9 December, 2005
Controversy in Massachusetts

Catholic hospitals in Massachusetts were not returning media calls following an announcement by Governor Mitt Romney that they would be required to dispense the potentially abortifacient morning after pill to rape complainants. The State Public Health Commissioner had earlier said that institutions operated by religious denominations morally opposed to potentially abortifacient drugs were exempt from the new law. A spokesman for the Massachusetts Catholic Conference said that the failure of the Legislature to repeal previous legislation provides grounds for continued refusal to dispense the drug for reasons of conscience. [Romney reverses stand]

Draft pharmacist 'conscience clause' dropped in Nevada

Following hearings in which strong views were expressed by opposing sides, the Nevada Board of Pharmacy decided not to include a conscience clause in regulations it was considered. The policy would have obliged pharmacists to notify employers of moral objections to medications, leaving it to the pharmacist and employer to decide how to handle a request for the drug. [LifeNews] [Kolo TV] [Limited protection of conscience measure considered]

7 December, 2005
Objection to marital status sustained in California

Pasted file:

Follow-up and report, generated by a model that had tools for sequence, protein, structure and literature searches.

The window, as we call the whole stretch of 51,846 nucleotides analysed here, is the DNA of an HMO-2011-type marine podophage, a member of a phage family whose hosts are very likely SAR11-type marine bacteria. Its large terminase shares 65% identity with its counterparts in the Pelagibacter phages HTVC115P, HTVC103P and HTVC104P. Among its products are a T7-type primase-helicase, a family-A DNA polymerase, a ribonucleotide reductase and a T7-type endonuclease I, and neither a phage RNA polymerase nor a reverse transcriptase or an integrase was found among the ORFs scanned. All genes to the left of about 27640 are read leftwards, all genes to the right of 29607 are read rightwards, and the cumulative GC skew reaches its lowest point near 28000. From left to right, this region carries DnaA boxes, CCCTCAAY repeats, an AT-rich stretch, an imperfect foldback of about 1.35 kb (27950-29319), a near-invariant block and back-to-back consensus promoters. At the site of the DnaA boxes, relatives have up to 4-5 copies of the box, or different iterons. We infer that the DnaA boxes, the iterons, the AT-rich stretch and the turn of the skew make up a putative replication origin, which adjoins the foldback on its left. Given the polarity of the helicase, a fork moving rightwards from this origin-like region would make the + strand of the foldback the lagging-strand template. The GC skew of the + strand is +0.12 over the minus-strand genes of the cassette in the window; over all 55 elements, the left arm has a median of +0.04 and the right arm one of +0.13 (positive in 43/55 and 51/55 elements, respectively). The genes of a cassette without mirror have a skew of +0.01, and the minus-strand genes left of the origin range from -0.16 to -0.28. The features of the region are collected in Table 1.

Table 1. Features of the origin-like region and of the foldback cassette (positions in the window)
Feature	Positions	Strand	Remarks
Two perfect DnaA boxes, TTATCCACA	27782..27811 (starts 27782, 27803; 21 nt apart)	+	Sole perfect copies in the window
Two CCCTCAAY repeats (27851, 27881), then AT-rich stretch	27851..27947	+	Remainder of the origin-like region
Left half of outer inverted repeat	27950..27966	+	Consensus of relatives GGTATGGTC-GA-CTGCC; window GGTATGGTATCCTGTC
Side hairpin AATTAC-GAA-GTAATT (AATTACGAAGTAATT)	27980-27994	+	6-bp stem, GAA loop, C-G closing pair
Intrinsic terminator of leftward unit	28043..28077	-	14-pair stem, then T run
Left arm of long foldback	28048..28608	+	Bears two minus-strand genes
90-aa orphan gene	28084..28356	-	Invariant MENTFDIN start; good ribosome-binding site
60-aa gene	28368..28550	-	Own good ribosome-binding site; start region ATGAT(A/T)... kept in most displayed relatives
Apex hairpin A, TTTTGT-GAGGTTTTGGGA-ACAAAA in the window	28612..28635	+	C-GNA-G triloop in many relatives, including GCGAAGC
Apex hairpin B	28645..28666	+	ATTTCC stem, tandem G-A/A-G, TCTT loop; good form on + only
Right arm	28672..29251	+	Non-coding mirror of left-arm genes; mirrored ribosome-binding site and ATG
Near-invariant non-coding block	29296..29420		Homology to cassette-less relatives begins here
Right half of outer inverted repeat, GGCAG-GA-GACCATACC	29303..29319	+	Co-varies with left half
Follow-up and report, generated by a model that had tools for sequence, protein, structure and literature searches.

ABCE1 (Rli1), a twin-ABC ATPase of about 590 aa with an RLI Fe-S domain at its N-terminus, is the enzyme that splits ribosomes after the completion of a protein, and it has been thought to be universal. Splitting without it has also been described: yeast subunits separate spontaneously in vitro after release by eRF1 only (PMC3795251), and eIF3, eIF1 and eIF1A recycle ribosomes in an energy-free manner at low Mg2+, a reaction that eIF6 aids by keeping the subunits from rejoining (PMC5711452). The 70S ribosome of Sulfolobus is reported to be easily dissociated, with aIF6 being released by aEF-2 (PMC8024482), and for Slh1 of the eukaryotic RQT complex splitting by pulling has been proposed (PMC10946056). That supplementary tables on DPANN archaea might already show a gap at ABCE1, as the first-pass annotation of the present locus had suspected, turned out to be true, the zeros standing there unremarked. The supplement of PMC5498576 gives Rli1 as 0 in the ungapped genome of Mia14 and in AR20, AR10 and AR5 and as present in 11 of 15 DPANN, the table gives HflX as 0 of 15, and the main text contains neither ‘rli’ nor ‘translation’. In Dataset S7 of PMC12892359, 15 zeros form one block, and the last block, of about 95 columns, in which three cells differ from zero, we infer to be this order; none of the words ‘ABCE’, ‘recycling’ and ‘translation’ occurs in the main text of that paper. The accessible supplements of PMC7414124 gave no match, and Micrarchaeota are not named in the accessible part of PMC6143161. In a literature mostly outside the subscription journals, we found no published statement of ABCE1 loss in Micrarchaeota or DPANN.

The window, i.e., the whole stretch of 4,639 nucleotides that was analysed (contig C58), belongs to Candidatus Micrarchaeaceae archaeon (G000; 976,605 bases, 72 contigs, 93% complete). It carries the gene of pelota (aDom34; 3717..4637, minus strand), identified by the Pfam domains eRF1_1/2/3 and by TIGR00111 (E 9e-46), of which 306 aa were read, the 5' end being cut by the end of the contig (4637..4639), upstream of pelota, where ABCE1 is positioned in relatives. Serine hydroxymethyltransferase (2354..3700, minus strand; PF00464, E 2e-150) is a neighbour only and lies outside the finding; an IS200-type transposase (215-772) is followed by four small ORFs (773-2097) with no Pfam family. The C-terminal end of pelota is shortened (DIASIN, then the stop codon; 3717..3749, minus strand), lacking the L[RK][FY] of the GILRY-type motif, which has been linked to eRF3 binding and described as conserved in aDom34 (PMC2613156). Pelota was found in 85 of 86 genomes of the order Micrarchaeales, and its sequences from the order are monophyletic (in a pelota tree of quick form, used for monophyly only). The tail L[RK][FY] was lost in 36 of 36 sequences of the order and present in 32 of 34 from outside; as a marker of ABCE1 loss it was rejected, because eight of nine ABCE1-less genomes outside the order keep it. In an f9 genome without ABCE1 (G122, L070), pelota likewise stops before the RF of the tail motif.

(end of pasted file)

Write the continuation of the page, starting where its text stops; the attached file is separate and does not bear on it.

The 4th District Court of Appeals in California has allowed two doctors the defence of religious objection in response to a civil suit by a lesbian claming that she had been discriminated against because they refused to artificially inseminate her. The physicians argued that their decision was based upon the fact that she was not married, not upon her sexual preferences. Moreover, they had referred her to a fertility specialist and had agreed to provide all of the pre- and post-natal care as well as absorb any of the costs incurred by the patient as a result of the referral. [Benitez v. North Coast Women's Care Medical Group]

5 December, 2005
China admits organ harvesting from executed prisoners

Chinese Deputy Health Minister Huang Jiefu has admitted that the organs of executed prisoners are sold to foreign transplant recipients, but has promised that new guidelines are being drafted to end the sale of organs for profit. Many health care workers would have conscientious objections to facilitating the delivery or use of such organs.

4 December, 2005
French prosecutor supports euthanasia